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Forced vital capacity (FVC) as an indicator of survival and disease progression in an ALS clinic population
  1. A Czaplinski1,
  2. A A Yen2,
  3. S H Appel2
  1. 1Department of Neurology, Baylor College of Medicine, Houston, TX, USA
  2. 2Methodist Neurological Institute, Houston, TX, USA
  1. Correspondence to:
 Dr S H Appel
 Department of Neurology, Methodist Neurological Institute, 6550 Fannin, Suite 802, Houston, TX 77030, USA; sappel{at}tmh.tmc.edu

Abstract

In a large cohort of 1034 patients with the diagnosis of definite or probable amyotrophic lateral sclerosis (ALS), the association of forced vital capacity (FVC) at baseline with (a) time to progression of 20 points in Appel ALS (AALS) score or (b) tracheostomy free survival was investigated. The median survival of ALS patients with baseline FVC <75% was 2.91 years, compared with 4.08 years for patients with baseline FVC >75% (p<0.001). Patients with baseline FVC <75% progressed more rapidly (taking 8.0 months to progress 20 AALS points) compared with patients with baseline FVC >75% (10.0 months, p<0.001). Moreover, FVC at first examination was identified as a significant predictor of survival and disease progression in both univariate and multivariate Cox regression models, after adjustment for age, sex, site of onset, diagnostic delay, riluzole therapy, and use of bilateral positive airway pressure and percutaneous endoscopic gastrostomy (p<0.001). We conclude that a single FVC value obtained at an initial visit may serve as a clinically meaningful predictor of survival and disease progression in ALS.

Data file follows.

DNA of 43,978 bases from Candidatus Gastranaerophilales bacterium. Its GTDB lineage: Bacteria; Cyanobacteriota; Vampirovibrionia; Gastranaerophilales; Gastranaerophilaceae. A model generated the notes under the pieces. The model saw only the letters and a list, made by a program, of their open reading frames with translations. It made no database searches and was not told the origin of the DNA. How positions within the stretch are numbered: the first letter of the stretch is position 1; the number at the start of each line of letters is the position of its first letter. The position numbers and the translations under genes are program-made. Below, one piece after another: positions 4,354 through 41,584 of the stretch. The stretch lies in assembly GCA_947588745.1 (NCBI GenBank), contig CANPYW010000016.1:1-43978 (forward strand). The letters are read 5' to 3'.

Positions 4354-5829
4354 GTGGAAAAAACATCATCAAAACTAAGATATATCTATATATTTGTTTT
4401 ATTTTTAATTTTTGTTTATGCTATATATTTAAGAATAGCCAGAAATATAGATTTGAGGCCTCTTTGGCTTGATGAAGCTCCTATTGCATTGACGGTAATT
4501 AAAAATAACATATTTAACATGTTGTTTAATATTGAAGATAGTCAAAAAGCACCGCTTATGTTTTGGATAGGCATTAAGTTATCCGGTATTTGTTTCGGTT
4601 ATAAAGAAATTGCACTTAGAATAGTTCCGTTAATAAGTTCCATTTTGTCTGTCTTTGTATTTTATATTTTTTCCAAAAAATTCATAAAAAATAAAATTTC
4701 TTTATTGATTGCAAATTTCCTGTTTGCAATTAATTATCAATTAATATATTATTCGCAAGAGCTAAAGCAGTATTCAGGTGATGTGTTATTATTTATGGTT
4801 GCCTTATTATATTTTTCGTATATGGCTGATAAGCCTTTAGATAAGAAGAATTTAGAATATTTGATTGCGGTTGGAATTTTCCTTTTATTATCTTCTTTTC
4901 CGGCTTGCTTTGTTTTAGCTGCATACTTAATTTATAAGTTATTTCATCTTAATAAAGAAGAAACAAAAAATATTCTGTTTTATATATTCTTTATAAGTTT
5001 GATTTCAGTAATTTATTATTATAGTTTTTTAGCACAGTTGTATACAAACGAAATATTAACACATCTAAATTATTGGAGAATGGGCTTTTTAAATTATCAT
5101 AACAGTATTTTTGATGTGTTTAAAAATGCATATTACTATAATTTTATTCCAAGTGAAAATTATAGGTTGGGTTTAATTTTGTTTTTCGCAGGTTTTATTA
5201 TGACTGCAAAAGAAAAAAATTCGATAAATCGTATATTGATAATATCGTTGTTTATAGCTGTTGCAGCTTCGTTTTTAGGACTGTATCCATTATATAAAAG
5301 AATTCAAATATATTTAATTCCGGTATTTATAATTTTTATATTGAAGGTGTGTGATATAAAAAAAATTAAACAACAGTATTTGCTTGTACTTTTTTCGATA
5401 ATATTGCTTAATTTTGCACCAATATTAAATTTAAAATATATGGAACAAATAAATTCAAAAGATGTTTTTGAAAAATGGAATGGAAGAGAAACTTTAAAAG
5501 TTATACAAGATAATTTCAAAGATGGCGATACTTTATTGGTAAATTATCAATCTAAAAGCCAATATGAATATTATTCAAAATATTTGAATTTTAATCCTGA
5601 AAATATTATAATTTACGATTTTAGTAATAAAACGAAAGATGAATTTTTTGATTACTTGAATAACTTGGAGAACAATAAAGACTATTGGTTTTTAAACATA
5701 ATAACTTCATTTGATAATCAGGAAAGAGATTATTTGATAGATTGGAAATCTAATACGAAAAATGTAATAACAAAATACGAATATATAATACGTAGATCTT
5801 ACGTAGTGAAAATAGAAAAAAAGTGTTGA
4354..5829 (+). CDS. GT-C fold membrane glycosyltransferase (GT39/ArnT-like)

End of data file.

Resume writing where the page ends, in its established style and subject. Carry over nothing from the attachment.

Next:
• AALS, Appel ALS
  • ALS, amyotrophic lateral sclerosis
  • FE, first examination
  • FS, first symptom
  • FVC, forced vital capacity
  • NIV, non-invasive ventilation
  • PEG, percutaneous endoscopic gastrostomy
  • ALS
  • outcome predictors
  • survival
  • disease progression
  • forced vital capacity (FVC)

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Footnotes

  • Competing interests: none

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